The end of 2018 has passed and we are already a week into 2019. As you may see more often, this seems an optimal moment for some reflection on the past year. Hence, you are reading the Pecunia Causa year review.
We have ended a busy year in the financial markets. 2018 was for a number of countries the first year since 2011 that the markets lost value on year basis. Some of the markets have come very close to becoming a ‘bear market’, or have even entered this dreaded phase. For those not very familiar with the language of Wall Street, a bear market means that the price of an index or share of a company is more than 20% lower than its most recent high. For the most bear markets at this moment, that very peak is still in 2018, showing how fast the stock prices dropped in 2018. So what on earth actually happened?
In February 2018 things already went bad. Markets worldwide dropped hard and they dropped fast. The reason for this was, most likely, blind panic. The American government, led by Donald Trump, gave strong tax cuts for domestic companies. This actually frightened investors, as they saw a risk of the American economy overheating. This fear got worse by the contracting monetary policy that the Federal Reserve implemented to counter overheating. That the Fed had been planning this move for a long time already did not seem to matter anymore. Ultimately however, markets recovered and, despite some small corrections, calmly increased until their peaks in August.
From August on, the problems really started. The reasons are numerous, although the important note has to be made that these connections might also be made in hindsight, in order to create some sense in the chaos of stock price movements. For completeness, we will provide a short list of reasons for this large drop in stock prices.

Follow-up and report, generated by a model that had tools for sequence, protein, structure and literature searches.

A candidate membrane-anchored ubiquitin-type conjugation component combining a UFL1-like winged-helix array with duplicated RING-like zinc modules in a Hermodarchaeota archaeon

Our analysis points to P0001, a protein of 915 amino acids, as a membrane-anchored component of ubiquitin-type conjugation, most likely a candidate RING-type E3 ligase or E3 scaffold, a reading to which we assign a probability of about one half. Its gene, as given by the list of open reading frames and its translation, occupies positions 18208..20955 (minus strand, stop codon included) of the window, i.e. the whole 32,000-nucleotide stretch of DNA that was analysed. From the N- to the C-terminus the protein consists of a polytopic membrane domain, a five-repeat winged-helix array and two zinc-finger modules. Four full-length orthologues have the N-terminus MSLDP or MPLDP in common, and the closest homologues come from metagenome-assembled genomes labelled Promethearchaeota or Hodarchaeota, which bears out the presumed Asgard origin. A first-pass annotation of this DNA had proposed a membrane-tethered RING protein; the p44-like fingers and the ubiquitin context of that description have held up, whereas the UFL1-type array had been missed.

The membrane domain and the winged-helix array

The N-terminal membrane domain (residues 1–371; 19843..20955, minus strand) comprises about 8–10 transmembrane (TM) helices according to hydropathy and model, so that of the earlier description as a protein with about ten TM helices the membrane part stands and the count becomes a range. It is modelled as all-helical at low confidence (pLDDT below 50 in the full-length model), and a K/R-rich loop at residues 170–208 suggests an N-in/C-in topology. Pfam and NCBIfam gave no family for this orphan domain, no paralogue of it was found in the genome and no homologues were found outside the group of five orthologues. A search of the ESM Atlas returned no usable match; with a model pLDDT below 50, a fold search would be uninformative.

The causes that are named most often are: crisis in emerging market economies (Turkey, Argentina, South Africa, Brazil), the Sino-American trade war, diminishing attractiveness of stocks in favour of bonds (because of the increasing interest rates), the end of quantitative easing, the chaos that is called Brexit, the Italian government budget, the murder of Jamal Khashoggi and so on and so forth. Plenty of these reasons could be considered one time affairs, however there are also some causes that could remain a worry for a longer amount of time. The most important of these are the Brexit (after the UK leaves the EU, economic consequences will be felt for a significant amount of time) and the aftermath of quantitative easing (not only do stocks become less attractive in favour of bonds, because of the large amounts of money in the economy, there are plenty of bonds and loans that are not safe).
So most markets worldwide did not perform well in the past year. This also holds for the AEX, which also experienced its first year with a loss since 2011. Pecunia Causa unfortunately also did not manage to book a positive year. Our benchmark for performance is generally the AEX. The AEX lost 14.4% in the period May-August 2018. Meanwhile the value of a share Pecunia Causa lost 13.8%. This only seems like we performed slightly less bad than the market. It does not tell the full story however. The beta of the Pecunia portfolio is well above 1, suggesting we should have lost more than the market did. Perhaps this reflects a bit better on our performance.
Outside of this year review, Pecunia Causa holds monthly meetings in which we discuss the news of all financial markets, companies in our portfolio and we hold pitches to either buy or sell shares in our shared portfolio. If you are interested, please come by once to see whether you like our meetings. For more information, see our Facebookpage (facebook.com/pecuniacausa) or send an email to firstname.lastname@example.org.
I am curious to see what 2019 has in store for us!
Rinze Hartman, XIth secretary of Pecunia Causa